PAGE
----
The U.S. Treasury announced it federal budget deficit for June.  For the second month in a row, it was less than expected.  The government only spent $65,800,000,000 more than it took in. This compares favorably against last June when the deficit figure was $94.3 billion.  In more good news, the year-to-date number improved as well.  We have only spent $1,004,000,000,000 more than we have collected in taxes so far. That is about $82 billion less than this time last year or a 7.6% improvement.  Fiscal year-to-date, the tax receipt growth was up about 0.54%.  Most of the “savings” has come from the government outlays as we have spent 2.76% less than at this point in 2009, although the government did spend 3.2% more in June 2010 than it did June a year earlier.  While it is not a large enough improvement to move our indicator, it is a step in the right direction and as Lao-Tzu said, “A journey of a thousand miles must begin with a single step.”  Since it is an election year, perhaps the trend will gain traction, but the trek back to solvency seems straight up and over very rough terrain.

Gnip Gnop

Friday, July 23rd, 2010

When I was growing up we usually had a coffee can filled with “bacon drippin’s” in the refrigerator.  A good cook added a dollop to just about everything they stirred up back then, from green beans to flapjacks.  Nowadays the proper term for pig fat is lard and it must be shunned at all costs.  Cooking grease from cows is another story.  Called tallow, it is bought and sold as a commodity and its price movements have an uncanny correlation with the economy itself.  Here at Atlas we follow the price of tallow along with many other commodities via the Journal of Commerce spot index.  Unfortunately, in the last couple of months it has collapsed, falling from a hair over 70 down below 7 as I write this in mid-July.  At zero it would mean prices haven’t changed much since 2006.  We also track the Pulse of Commerce index from UCLA which measures truck traffic by tabulating the consumption of diesel fuel.  It has been growing at a steady clip almost all year.  Finally, we also follow the Baltic Dry index which measures the cost of shipping things like grain or iron ore by boat.  It has collapsed virtually in lock step with tallow.  Lately the stock market has been moving back and forth like a ping pong ball.  We all would like to see a trend in one direction or the other manifest.  If it goes up, the ping pong match will resolve itself in a bullish direction.  If it goes south, we’ll have to call it gnip gnop instead and invest accordingly.  With spot prices for industrial raw materials and ocean freight both dropping, we doubt truckers will be able to keep driving in a counter-trend fashion much longer.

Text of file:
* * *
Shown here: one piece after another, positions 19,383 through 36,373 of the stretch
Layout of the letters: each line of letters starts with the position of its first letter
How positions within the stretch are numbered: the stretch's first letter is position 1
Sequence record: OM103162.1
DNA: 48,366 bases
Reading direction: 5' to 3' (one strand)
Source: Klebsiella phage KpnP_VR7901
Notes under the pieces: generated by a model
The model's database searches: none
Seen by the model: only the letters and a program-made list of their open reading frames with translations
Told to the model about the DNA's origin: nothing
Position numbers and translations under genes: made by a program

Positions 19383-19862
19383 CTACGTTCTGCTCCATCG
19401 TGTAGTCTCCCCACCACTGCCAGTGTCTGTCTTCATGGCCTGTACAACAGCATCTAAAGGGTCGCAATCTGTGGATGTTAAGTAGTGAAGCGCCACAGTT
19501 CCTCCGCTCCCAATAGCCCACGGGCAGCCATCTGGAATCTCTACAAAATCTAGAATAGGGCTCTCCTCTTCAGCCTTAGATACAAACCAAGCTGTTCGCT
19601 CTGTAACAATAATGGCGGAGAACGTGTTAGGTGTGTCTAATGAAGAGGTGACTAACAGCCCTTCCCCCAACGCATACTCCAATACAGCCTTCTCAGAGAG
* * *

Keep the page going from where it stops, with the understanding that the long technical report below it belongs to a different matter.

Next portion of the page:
June 2010 Consumer Confidence

Thursday, July 22nd, 2010

After three consecutive monthly increases, the Conference Board’s June Consumer Confidence Index fell.  The decline was not subtle either.  It fell to 52.9 from a revised 62.7 in May.  June’s Present Situation Index fell to 25.5 from 29.8 in May.  The percent of people reporting current conditions are “good” fell to 8% from 9.7%.  At the same time those who see the existing state as “bad” increased to 42.4% from 39.5%.  The bad news does not stop there.  The Expectations Index lost its enthusiasm as well.  Only 17.2% anticipate business conditions to improve, 14.9% feel they will get worse and the rest feel they will stay the same.  Also falling was faith for future job prospects.  A mere 16% feel more jobs will be available in the next six months while 20.8% are anticipating fewer.  Finally there is the future income question of the survey.  Here we again find more pessimism as only 10.6% of the respondents felt their income levels will be higher in half-a-year from now.  June’s survey has broken a trend that we were enjoying.  We will not be too concerned with a single month’s survey, but you can bet we are waiting with bated breath for next month’s report.